As the loud, braying mom Carla, Kathryn Hahn walks away with the movie. She’s always outrageous and over-the-top (unlike Kristen Bell and Mila Kunis whose characters have to be drunk to act out), and while she’s the most cartoonish of the three bad moms, she’s also the funniest by far. Bell is the least successful, a rather bland naïf in a sea of vipers who finally summons up the courage to put her dictatorial hubby in his place (which we could see coming from a mile away). Kunis runs hot and cold in the movie: tired of being taken for granted but constantly apologizing for her bad behavior sending out definite mixed messages. Christina Applegate’s monster mom Gwendolyn is also an exaggerated caricature, and we wait for a comeuppance that is so mild when it comes that it hardly registers. Jada Pinkett Smith as her second-in-command is likewise underwhelming. Jay Hernandez offers a hunky presence but not much else to the proceedings, and Wendell Pierce as the wimpy school principal is rather ridiculous in his utter impotence. Wanda Sykes has an amusing cameo as a marriage counselor.

Video: 4.5/5

3D Rating: NA

The film’s theatrical aspect ratio of 2.40:1 is faithfully rendered in this 1080p transfer using the AVC codec. Sharpness is generally excellent except for a few shots that seem as if the focus puller wasn’t paying attention. Color values are excellent with believable and appealing skin tones. Contrast has been consistently applied making for a very watchable image. The film has been divided into 20 chapters.

Audio: 4.5/5

The DTS-HD Master Audio 7.1 sound mix puts most of the emphasis on the front channels. Dialogue, of course, is directed to the center channel, and atmospheric effects have much more presence in the fronts than in the rears. The music score by Christopher Lennertz and a succession of rock and rap tunes do get spread through  both the front and rear soundstages to very good effect.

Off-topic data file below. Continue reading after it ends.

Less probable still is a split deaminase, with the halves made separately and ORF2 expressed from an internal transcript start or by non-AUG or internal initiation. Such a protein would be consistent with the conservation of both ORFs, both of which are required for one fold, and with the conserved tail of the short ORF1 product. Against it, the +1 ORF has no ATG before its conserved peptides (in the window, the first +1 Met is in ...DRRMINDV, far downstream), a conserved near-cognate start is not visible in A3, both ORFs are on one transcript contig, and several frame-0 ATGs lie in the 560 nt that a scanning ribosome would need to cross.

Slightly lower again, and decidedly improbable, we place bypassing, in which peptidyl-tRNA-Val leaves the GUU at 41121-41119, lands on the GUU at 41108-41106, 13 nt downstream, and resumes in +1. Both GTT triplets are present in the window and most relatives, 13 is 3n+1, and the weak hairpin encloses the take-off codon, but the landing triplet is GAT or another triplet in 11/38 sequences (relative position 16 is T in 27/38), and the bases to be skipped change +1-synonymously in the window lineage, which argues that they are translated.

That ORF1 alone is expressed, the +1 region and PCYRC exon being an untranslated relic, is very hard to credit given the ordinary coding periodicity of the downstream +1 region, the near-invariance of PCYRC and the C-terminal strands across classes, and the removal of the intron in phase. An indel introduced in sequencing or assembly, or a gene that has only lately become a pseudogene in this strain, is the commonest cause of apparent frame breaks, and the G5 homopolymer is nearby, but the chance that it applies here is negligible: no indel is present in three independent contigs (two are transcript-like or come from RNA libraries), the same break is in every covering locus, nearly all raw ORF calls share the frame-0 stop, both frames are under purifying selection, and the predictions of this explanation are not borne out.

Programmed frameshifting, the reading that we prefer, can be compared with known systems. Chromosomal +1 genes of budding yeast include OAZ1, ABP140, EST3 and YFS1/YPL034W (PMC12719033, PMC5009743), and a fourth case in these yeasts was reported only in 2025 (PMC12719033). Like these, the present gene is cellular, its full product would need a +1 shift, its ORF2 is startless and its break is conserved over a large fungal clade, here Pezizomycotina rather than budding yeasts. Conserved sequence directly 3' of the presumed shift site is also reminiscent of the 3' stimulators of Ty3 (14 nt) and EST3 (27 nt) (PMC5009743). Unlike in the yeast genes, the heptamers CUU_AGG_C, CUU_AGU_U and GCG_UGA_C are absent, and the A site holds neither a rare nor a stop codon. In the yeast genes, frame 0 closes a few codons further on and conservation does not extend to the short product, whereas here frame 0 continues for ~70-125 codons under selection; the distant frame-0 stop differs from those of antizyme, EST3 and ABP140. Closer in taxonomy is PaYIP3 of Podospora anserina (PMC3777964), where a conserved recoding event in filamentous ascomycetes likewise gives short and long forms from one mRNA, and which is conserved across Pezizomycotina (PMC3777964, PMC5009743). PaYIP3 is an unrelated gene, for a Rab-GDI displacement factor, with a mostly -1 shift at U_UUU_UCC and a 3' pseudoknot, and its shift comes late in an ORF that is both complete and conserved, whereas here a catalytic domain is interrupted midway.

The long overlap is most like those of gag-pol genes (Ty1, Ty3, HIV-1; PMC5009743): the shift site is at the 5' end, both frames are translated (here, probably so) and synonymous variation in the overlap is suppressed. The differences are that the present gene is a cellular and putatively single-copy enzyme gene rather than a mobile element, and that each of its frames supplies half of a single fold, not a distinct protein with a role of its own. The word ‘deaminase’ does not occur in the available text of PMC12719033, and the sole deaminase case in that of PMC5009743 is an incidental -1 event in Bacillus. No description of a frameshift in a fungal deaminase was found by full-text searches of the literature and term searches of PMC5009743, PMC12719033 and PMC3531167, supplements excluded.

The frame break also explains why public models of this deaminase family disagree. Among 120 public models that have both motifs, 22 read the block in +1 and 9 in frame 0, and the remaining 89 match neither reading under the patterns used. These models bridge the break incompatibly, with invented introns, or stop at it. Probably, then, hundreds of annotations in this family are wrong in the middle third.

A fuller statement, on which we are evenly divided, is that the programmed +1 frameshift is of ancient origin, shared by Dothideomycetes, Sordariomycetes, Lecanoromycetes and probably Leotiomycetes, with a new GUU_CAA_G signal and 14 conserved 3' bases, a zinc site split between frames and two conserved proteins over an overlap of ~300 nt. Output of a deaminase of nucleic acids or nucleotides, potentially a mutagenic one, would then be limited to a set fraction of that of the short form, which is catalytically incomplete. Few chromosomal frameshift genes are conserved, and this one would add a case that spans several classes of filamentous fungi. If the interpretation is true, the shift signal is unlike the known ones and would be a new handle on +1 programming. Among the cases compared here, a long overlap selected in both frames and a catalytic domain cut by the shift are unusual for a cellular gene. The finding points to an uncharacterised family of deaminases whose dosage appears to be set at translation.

Special Features: 2.5/5

Gag Reel: (6:02, HD)

Deleted Scenes (16:36, HD): four different sequences feature a plethora of improvisation by some of the actors searching for the right comic lines for specific moments.

Interviews with the Cast and Their Moms (23:52, HD): Mila Kunis, Kristen Bell, Christina Applegate, Jada Pinkett Smith, Kathryn Hahn, and Annie Mumolo (who plays a third mean mom Vicky) and their mothers talk about the challenges each has faced being a mother to one or more children. Excerpts from some of these interviews are also shown during the end credit sequence of the movie.

DVD/Digital Copy/Ultraviolet: disc and code sheet enclosed in the case.

Overall: 2.5/5

Grossing more than five times what it cost, Bad Moms was a considerable box-office hit in this country proving that there is a definite audience for this kind of exaggerated comedy of manners. It makes its points and it occasionally earns its laughs, but its hyperbole will not be for all comic tastes. A rental might be the smarter idea with this one.

Published by

Matt Hough

author,editor